Researchers at CRCHUM and the University of Montreal in Canada discovered a previously unknown link between amyotrophic lateral sclerosis (ALS) neurodegeneration and the immune system. The study was recently published in the journal Nature Communications and is entitled “Neurodegeneration in C. elegans models of ALS requires TIR-1/Sarm1 immune pathway activation in neurons”.
ALS is a progressive neurodegenerative disease characterized by the gradual degeneration and atrophy of motor neurons in the brain and spinal cord, responsible for controlling essential voluntary muscles, such as the ones related to movement, speaking, eating, and even breathing. ALS patients may become totally paralyzed and the majority succumb to the disease due to respiratory failure within two to five years post diagnosis. It is estimated that more than 300,000 Americans suffer from ALS and there is currently no cure.
Researchers reported the discovery of a link between the death of motor neurons in ALS and the immune system. Several genes have been reported to be linked to ALS, and if a mutation occurs in one of them, the individual develops the disease.
Using the roundworm Caenorhabditis elegans as a model, researchers introduced into the animal a mutated human gene that promotes ALS development. The team found that the animals became paralyzed within 10 days. Their goal was then to halt or reverse this phenotype and avoid the worm’s death.
“We had the idea of modifying another gene – tir-1 – known for its role in the immune system,” said the study’s lead author Julie Veriepe in a news release. Remarkably, the team found that “Worms with an immune deficit resulting from the tir-1 gene’s mutation were in better health and suffered far less paralysis,” suggesting that tir-1 dysfunction suppressed motor neuron degeneration in this ALS model.
The findings led the team to suggest that the immune system plays a critical role in ALS development. “An imbalance of the immune system can contribute to the destruction of motor neurons and trigger the disease,” explained the study’s senior author Dr. Alex Parker. “The worm thinks it has a viral or bacterial infection and launches an immune response. But the reaction is toxic and destroys the animal’s motor neurons,”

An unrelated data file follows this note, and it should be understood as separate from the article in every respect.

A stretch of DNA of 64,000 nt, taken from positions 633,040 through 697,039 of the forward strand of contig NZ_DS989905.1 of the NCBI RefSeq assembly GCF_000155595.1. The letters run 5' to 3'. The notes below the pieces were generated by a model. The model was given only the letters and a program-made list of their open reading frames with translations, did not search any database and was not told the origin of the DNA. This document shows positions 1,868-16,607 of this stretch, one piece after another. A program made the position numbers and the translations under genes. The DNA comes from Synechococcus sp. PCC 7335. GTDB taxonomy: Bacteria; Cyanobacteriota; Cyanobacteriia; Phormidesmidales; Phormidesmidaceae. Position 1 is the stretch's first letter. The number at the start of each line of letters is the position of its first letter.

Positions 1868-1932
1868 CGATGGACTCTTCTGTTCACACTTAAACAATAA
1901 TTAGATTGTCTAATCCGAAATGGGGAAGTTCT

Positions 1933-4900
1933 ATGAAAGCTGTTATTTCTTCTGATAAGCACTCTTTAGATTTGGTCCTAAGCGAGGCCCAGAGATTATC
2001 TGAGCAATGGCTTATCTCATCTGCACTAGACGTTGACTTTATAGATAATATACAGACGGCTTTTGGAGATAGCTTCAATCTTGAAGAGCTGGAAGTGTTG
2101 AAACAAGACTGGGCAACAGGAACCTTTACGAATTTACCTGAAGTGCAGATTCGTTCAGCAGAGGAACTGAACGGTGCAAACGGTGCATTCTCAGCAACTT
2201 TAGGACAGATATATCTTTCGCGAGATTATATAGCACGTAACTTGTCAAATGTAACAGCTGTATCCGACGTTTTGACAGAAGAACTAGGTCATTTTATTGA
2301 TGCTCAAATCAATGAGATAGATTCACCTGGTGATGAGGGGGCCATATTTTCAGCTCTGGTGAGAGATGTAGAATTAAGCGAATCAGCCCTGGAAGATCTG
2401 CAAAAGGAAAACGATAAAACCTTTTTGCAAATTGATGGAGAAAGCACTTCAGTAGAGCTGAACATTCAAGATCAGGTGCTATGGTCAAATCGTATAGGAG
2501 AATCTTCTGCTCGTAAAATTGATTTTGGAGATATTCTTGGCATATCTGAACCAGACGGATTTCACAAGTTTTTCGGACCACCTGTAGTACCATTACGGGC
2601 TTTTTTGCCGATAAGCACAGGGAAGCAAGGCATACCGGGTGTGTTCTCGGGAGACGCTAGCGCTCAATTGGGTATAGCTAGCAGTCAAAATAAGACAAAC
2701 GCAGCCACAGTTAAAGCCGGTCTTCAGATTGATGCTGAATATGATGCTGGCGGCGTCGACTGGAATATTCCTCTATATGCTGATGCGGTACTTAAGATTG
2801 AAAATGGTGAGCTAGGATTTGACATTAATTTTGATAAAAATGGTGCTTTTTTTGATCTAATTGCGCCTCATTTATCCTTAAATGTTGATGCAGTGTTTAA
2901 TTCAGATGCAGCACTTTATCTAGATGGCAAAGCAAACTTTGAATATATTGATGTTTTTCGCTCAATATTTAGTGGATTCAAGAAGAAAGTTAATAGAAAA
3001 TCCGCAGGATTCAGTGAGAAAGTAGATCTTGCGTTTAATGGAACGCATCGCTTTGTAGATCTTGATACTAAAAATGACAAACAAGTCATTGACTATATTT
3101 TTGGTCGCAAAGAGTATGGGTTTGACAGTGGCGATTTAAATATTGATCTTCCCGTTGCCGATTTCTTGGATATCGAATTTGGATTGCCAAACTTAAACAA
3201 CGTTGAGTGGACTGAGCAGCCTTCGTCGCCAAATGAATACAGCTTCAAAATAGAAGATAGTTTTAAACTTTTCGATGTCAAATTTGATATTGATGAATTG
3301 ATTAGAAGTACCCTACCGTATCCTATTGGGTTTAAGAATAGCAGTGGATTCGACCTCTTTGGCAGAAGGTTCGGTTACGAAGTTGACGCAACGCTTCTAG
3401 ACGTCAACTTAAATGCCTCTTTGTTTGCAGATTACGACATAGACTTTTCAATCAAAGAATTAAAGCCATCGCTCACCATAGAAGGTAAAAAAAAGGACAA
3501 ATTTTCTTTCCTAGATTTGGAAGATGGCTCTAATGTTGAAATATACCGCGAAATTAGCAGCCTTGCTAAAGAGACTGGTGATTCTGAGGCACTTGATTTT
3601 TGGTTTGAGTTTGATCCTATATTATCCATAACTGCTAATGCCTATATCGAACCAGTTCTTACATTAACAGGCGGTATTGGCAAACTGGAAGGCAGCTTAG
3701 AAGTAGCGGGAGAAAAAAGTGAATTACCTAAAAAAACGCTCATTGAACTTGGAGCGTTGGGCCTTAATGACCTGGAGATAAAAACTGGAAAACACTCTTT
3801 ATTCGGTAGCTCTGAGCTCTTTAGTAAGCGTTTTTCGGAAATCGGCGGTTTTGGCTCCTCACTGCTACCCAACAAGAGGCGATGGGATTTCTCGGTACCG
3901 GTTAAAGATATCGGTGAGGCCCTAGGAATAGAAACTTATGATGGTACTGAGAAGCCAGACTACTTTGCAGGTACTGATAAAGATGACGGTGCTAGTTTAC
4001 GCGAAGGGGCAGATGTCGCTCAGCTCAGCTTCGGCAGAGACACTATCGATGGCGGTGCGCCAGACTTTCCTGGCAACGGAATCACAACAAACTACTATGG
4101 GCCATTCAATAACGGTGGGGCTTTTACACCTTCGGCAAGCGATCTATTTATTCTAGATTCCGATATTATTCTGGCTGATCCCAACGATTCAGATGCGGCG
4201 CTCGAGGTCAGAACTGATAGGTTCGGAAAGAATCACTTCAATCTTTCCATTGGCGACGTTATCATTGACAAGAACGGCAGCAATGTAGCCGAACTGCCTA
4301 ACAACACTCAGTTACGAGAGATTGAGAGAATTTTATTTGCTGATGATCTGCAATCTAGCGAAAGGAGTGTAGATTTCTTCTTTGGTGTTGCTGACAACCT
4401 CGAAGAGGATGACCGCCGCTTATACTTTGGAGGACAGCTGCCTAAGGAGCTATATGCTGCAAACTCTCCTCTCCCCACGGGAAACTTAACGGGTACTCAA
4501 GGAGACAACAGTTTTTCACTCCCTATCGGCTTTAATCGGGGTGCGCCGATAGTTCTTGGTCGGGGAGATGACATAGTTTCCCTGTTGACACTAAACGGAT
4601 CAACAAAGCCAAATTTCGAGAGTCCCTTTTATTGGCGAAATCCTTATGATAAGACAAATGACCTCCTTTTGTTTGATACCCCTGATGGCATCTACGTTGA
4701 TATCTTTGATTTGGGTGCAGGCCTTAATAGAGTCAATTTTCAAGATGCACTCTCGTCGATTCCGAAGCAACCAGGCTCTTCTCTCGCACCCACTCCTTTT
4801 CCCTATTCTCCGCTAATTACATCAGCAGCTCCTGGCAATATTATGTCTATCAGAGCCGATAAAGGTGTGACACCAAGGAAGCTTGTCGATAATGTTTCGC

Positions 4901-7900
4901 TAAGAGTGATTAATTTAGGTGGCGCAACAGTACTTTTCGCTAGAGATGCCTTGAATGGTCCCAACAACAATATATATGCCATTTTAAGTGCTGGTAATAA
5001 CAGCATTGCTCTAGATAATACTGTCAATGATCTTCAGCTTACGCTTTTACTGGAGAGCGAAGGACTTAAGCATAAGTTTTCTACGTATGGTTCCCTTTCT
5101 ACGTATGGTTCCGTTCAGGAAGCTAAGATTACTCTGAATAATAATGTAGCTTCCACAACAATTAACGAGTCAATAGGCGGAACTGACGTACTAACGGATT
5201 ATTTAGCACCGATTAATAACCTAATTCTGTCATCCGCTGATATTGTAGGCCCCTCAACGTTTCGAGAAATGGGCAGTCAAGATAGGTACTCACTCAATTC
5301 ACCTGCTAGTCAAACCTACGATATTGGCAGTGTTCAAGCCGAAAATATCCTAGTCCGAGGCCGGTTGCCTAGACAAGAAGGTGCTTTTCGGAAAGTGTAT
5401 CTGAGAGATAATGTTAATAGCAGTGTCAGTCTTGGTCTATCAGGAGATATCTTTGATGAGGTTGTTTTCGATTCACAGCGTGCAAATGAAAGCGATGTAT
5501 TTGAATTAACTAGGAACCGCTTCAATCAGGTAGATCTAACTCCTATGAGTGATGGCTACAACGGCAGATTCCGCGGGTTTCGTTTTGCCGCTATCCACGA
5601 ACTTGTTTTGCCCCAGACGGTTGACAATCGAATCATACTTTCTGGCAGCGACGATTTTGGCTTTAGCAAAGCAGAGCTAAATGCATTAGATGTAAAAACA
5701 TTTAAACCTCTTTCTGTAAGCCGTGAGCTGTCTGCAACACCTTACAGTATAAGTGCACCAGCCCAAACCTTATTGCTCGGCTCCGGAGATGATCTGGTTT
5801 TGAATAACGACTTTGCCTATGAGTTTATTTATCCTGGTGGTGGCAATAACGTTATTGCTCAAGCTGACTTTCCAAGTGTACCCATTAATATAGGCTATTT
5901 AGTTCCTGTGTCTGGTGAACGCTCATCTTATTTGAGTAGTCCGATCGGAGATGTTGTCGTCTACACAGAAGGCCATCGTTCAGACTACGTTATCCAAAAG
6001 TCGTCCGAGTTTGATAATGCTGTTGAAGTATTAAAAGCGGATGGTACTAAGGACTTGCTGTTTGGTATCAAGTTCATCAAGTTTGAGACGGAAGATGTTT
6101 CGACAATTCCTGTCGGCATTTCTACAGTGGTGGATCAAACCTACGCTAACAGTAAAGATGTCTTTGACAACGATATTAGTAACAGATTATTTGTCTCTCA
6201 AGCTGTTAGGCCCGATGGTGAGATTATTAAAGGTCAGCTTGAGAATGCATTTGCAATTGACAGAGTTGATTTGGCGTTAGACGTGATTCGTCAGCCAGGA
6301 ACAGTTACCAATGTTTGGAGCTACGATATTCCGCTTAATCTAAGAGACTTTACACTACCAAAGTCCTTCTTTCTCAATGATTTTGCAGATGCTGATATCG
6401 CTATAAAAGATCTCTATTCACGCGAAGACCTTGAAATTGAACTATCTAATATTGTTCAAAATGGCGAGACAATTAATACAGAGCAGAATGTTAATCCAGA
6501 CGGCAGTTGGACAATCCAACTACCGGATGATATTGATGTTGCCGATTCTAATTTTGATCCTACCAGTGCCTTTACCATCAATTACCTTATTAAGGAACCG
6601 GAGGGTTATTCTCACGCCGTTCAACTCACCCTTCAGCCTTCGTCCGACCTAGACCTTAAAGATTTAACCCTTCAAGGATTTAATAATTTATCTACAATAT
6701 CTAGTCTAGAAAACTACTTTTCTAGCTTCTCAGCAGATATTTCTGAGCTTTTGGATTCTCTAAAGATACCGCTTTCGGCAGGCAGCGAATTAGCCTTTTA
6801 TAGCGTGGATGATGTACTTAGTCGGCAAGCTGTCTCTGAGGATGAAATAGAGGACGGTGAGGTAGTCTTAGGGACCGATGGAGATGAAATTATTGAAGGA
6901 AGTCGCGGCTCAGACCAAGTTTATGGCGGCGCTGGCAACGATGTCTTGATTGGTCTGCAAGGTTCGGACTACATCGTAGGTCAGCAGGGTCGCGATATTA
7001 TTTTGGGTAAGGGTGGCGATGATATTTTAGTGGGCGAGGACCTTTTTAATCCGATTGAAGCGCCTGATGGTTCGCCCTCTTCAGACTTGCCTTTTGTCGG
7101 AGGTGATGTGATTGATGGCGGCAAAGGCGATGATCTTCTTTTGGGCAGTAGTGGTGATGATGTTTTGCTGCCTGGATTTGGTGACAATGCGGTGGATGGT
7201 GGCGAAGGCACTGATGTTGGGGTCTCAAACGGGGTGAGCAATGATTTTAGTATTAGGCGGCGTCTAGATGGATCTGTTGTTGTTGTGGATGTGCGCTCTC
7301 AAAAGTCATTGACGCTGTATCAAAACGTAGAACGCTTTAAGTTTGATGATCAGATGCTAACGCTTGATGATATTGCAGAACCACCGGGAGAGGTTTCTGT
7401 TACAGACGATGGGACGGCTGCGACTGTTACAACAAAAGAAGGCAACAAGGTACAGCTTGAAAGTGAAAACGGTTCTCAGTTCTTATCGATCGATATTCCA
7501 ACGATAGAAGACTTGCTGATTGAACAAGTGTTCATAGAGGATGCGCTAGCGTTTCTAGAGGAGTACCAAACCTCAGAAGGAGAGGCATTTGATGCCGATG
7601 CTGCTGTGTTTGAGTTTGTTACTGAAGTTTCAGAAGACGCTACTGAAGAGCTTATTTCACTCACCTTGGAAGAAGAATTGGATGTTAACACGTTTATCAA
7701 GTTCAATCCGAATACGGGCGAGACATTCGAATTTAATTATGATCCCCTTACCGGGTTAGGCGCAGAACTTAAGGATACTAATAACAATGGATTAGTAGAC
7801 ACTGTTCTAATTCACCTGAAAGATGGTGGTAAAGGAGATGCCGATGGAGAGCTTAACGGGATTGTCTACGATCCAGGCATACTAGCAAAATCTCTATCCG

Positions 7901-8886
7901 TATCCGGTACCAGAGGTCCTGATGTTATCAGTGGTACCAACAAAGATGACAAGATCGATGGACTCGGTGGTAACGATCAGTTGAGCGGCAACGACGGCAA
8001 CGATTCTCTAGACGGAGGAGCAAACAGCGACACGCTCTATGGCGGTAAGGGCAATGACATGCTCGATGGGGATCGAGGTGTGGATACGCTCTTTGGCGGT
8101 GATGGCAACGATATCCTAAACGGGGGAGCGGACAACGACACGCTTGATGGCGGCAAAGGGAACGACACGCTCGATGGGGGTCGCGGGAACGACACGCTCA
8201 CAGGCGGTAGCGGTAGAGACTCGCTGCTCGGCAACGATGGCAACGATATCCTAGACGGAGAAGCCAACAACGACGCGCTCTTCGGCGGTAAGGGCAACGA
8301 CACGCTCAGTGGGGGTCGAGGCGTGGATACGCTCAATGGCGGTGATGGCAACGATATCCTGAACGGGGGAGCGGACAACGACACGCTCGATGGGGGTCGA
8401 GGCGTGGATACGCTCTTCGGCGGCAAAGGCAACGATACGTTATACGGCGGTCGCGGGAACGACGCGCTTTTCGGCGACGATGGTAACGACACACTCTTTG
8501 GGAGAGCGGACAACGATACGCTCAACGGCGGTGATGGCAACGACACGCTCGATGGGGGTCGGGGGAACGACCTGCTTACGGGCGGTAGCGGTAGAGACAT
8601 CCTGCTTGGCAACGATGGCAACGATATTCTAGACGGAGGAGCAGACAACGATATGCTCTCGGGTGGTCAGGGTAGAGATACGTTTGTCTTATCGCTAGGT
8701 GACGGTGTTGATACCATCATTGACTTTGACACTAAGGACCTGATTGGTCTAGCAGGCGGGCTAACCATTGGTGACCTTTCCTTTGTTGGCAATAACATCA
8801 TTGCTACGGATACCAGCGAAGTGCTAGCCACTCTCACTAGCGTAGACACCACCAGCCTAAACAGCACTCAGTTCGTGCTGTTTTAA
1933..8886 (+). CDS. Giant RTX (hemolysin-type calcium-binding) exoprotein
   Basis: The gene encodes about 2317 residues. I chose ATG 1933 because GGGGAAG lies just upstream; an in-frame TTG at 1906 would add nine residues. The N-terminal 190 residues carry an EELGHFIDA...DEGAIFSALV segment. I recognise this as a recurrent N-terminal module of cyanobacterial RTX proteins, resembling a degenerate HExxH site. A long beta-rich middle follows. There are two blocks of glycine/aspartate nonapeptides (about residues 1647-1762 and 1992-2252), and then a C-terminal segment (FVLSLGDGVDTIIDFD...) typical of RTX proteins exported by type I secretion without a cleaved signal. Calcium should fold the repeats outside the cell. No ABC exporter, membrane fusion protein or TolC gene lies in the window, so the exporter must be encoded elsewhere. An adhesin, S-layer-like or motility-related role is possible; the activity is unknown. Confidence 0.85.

Researchers suggest that the immune system reacts to the presence of mutant proteins through a pathogen resistance response that is ultimately harmful for the body leading to progressive neurodegeneration. The team believes that these findings are also applicable to humans. SARM1 is the human equivalent of TIR-1, and it has been proven critical for the nervous system’s integrity.
The research team concluded that TIR-1/SARM1 protein is a promising therapeutic target to treat or at least slow ALS disease progression, and that this pathway is most likely triggered by all mutated genes linked to ALS. The team is currently testing drugs able to block this pathway that have been approved by the U.S. Food and Drug Administration for the treatment of other disorders like rheumatoid arthritis.
The authors are, however, cautious when referring to an effective ALS treatment strategy. “In our studies with worms, we know the animal is sick because we caused the disease. This allows us to administer treatment very early in the worm’s life. But ALS is a disease of aging, which usually appears in humans around the age of 55. We do not know if a potential medication will prove effective if it is only given after appearance of symptoms. But we have clearly demonstrated that blocking this key protein [TIR-1/SARM1] curbs the disease’s progress in this worm,” concluded Dr. Parker.